Guidi, the beauty others cannot see Guidi, the beauty others cannot see
Art and industry are not necessarily strange bedfellows, as proven by the passion Guidi has for beauty and its aim to promote artists from... Guidi, the beauty others cannot see

Art and industry are not necessarily strange bedfellows, as proven by the passion Guidi has for beauty and its aim to promote artists from all over the world

by Luca Sordelli, photo by Jill Mathis

They make filters, valves and accessories for boats, with a catalogue of 4,200 items for the ‘invisible’ part of the sailing world, the part located in the engine room or below the waterline. They are one of the world’s leading companies in the sector, with every single product made in Italy, and they have a passion for art. Meet the Guidi family: dad Bruno, the founder, and his children Daniele and Alessandro, quality manager and head of design respectively. guidi

They are based in Grignasco, at the foot of Monte Rosa in the Valsesia district of Piedmont. They have 50 years of technological research and investment behind them, but, as Bruno Guidi is keen to stress, they have«people at the heart of everything: we are an enlightened family business, where we balance technology and the human factor, and where a handshake is worth as much as a signature on a contract».

They welcomed me into their meeting room, located next to the factory. I could hear the noise of the milling machines and equipment creating the bronze and alloys used for their products. But around me were lots of beautiful, large artworks: photos of their production, and a lot more besides. A real collection.

I asked dad Bruno to talk about his relationship with art. Let’s start from the beginning. Where did it all begin?
Ten years ago, when we produced a book to celebrate Guidi’s 40 years in business. Through Anna Fileppo and her marketing agency I met an outstanding photographer, Jill Mathis, an American artist from San Antonio. Her photographs of the entire process that leads to the creation of my products made me see things from a new, surprising and wonderful perspective. Things I had always had under my nose took on a new life. She made me see my world from a different angle. She excited me. I love some of her works more than others, but they are always surprising. And so she led me into the world of art.

guidiBut, if I’m not mistaken, you’ve had a passion for art since you were young.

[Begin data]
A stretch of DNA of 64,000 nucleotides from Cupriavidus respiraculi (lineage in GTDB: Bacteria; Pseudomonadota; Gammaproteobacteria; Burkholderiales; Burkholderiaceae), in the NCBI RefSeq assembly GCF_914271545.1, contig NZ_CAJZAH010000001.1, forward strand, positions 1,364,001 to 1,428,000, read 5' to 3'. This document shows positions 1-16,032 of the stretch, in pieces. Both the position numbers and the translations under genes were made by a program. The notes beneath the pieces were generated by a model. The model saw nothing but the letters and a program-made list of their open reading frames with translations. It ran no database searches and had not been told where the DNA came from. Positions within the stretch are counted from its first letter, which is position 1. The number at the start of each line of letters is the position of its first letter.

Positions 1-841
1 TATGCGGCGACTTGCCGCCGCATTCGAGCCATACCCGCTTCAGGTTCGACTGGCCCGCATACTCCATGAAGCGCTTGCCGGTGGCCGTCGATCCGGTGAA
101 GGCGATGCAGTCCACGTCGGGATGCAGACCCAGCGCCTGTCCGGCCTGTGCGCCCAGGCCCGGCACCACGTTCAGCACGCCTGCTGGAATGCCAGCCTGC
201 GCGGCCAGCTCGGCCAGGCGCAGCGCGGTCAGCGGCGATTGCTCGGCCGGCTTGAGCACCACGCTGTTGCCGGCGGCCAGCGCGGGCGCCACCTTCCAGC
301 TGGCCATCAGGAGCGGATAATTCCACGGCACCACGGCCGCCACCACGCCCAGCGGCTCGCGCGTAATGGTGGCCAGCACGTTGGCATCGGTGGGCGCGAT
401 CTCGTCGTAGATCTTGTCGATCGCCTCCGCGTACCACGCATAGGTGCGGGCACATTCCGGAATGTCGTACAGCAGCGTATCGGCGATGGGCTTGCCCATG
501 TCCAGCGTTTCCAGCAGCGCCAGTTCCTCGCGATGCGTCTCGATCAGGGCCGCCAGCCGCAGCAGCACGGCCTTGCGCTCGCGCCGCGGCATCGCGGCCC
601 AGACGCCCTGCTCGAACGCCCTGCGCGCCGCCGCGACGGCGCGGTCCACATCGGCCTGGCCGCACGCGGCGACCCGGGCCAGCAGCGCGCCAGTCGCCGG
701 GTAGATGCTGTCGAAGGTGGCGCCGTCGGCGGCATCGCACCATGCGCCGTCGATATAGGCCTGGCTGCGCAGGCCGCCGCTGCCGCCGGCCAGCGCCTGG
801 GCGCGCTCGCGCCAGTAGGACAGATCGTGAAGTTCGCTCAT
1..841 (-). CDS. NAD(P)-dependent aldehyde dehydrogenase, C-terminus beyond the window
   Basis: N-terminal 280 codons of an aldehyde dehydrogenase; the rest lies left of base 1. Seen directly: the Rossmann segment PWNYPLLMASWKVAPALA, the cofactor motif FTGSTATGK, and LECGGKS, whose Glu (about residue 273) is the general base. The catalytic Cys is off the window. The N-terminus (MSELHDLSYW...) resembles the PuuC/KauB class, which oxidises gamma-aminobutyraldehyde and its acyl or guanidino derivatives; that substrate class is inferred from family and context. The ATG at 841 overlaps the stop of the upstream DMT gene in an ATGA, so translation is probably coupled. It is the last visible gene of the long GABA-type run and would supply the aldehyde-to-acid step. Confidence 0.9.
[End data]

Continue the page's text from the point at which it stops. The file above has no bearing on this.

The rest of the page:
Let me give you an example. You know METS [the Maine Equipment Trade Show] in Amsterdam? We’ve been going since 1990. And for me, as well as being important professionally, this always provides a great opportunity for me to go and visit the city’s museums every year.

Guidi has always genuinely amazed me. You are the only company in the world of boating accessories, and one of very few in the nautical world in general, to have such a close relationship with art. And you’re not just collectors: you use various artists to promote your company in a sophisticated way.
We are undoubtedly passionate about art, but we also have a precise aim: we think art and industry can go hand-in-hand perfectly well. It’s a new form of patronage, an approach that is mutually beneficial for both worlds. We’re also trying to make the company’s image stand out, to position it at the top of the market, with a focus on quality, which also reflects our products. We started with Jill’s photos and went from there, with our installations and stands at trade fairs. guidi

Your forays into the world of art involve big names like Michelangelo Pistoletto, Alessandro Ciffo, Sergi Barnils, Chris Gilmour, Marco Lodola… Where to start?
With Alessandro Ciffo, for example, we attended Venice Design at Palazzo Michiel. We have always supported Ciffo and his silicone creations. At the most recent Versilia Yachting Rendez-Vous we created a great group stand with Mase, Tecnoseal and Veco. But I also like to remind people about Surfin’ Bird, a luminous sculpture of a motorboat made of Perspex, LEDs and adhesive film by Marco Lodola, which we exhibited in Portofino. Or Chris Gilmour’s Motorboat, which reproduces a classic Camuffo boat from Portogruaro, an historic Italian model. The shipyard was founded in 1438; it’s simply the oldest in the world. Now the new, beautiful book featuring Jill Mathis’s photos has arrived for our 50th anniversary. And that’s just the start…

(Guidi, The beauty others cannot see – Barchemagazine.com – Ottobre 2018)

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